Coufal's remarks on civility
gailmm at worldpath.net
Tue Nov 2 22:18:49 EST 1999
It is not a matter of "rights", it is a matter of personal effectiveness. I
can tell you of a personal experience- an "enviro" ,as you put it, who was
rude and confrontational. He finally learned that when he began to talk to
people as humans and stopped treating them with labels like "bureaucrats" or
"timber beasts", a real dialogue opened up. As a result, the state I live in
has one of the most innovative, progressive, environmentally sensitive
management plans they've ever produced. And it was a product produced by
consensus. It never would have happened had Jamie continued to treat people
trying to do their jobs the best way they can with disrespect. For you to
equate trying to remove human beings from bondage with contemporary problems
of environmental stewardship demeans the former.
Joseph Zorzin wrote in message <3815B506.A982FB30 at forestmeister.com>...
>I read with great interest the essay by SAF President James
>Coufal entitled "Civility" on the SAF web site at
>The call for civility is a noble effort, but we must keep in
>mind that it works best when the 2 sides of any debate are more
>or less equal in their political power. When they are not, the
>fact is that the stronger side will often attempt to bludgeon
>the weaker side with their wealth and power and access to the
>media and politicians.
>We all have a right as American citizens to play the game of
>politics, and history has shown us that it is seldom a nice
>polite game as we'd all like. Most progressive movements in this
>country didn't get anywhere by being polite. We didn't politely
>ask King George to take his thugs back to that tiny island off
>the coast of Europe; Abe Lincoln didn't politely ask the
>southerners to end slavery; the modern civil rights and enviro
>movements would have gained nothing by being purely "civil" and
>Civility is one of the tools of those in political struggles,
>but not the only one. That's just the facts of life about how
>politics really works. I commend Jim's call for civility, but
>let's just remember that one side of the environmental debates
>is always far more powerful than the other side; or perhaps Jim
>has some solution to equalize the contestants?
>Civility is nice, I like polite people. Believe it or not, I'm
>polite 99% of the time- but don't anyone dare argue that
>civility is ESSENTIAL in all political debates. The pro gun
>lobby loves to tell us that the first thing that new
>totalitarian governments have done is take away people's guns.
>The second thing they do is insist they nobody challenge the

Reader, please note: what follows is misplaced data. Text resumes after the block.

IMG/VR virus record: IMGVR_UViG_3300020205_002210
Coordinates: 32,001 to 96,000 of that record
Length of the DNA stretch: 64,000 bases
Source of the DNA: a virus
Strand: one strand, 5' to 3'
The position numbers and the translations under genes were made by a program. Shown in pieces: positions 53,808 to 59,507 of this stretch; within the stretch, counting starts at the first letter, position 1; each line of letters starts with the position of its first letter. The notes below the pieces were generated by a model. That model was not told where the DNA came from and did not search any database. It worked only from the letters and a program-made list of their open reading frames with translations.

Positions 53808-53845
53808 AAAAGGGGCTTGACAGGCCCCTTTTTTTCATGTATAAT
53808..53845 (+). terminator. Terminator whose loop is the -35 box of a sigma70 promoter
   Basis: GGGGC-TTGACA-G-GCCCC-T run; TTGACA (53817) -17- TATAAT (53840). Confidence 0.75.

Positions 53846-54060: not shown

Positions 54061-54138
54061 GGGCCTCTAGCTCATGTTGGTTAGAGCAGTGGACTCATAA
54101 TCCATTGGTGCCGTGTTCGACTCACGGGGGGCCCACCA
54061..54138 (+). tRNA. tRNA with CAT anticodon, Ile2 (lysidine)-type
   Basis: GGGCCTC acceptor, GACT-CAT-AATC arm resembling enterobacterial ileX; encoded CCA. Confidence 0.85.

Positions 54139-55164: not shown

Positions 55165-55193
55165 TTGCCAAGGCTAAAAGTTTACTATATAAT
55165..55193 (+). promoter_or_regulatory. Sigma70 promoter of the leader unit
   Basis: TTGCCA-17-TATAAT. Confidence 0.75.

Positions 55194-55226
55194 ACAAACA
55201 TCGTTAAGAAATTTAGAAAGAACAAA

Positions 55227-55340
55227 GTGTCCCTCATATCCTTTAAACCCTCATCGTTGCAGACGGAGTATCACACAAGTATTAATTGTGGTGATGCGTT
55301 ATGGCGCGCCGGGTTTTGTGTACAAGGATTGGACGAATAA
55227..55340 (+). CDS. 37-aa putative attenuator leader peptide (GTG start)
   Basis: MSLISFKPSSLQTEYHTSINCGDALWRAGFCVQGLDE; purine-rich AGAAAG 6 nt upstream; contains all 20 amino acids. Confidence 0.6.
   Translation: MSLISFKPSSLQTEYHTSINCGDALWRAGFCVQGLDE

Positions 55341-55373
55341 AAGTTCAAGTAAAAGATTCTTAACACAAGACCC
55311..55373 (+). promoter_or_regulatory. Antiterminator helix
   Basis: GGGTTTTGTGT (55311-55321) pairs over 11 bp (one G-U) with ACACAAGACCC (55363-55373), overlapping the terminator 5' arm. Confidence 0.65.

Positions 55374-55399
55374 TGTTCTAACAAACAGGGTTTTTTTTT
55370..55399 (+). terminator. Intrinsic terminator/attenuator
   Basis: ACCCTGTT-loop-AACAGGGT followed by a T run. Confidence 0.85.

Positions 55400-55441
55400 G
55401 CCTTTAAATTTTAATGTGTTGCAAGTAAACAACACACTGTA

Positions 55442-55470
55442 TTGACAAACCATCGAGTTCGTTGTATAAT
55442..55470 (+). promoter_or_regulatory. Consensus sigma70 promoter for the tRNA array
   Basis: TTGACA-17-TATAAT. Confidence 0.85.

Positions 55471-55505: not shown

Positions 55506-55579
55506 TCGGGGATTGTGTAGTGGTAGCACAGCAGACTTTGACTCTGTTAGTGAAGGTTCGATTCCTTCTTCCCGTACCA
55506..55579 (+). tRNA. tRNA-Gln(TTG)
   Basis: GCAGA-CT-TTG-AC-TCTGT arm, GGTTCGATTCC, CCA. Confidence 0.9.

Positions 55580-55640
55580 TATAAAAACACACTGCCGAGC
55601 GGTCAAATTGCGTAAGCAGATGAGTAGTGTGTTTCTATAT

>authorities, in any but the most polite, civil manner; or else.
>But this America, and we have a right to NOT act polite, if we
>so determine that other means are necessary. No less that
>Socrates told the young of his day in Athens to challenge
>authority and he didn't say to do it with great civility.
>Obviously the forestry "party line" didn't consider the Sierra
>Club's book "Clearcut" to be polite- I consider it wonderful. If
>that was impolite to the party line, we need more of that.
>It is never considered polite to point out the massive failures
>of the other side, no matter how you try to sweeten your
>language. A lot of very polite people have been ignored by those
>with the power and wealth- many have been murdered like Martin
>Luther King- who was on the polite side of the civil rights
>battle, with the Panthers taking the tougher line. Civility
>should be tried, and if it fails other techniques should be used
>to make a point.
>Until you can make incivility unconstitutional, it will continue
>as a free act of a free people. Better to deal with those acts
>of incivility than any attempt to force civility upon people who
>have been ignored for too long.
>Joe "Che" Zorzin
>The Politics of Forestry
>"Monstrous in its hold upon us, the bureaucratic mind
>is sustained by the self-perpetuating mechanics of government
>and the claptrap of its own rhetoric."
>"Kafka's Bureaucratic Nightmares" by Jack Matthews
>"We human beings don't look very much like a tree, we view
>the world very differently but down deep at the molecular
>heart of life we are virtually identical to trees."
>North East Forest Reformation List
>Definition of "north east"- everything
>northeast of Baja, California
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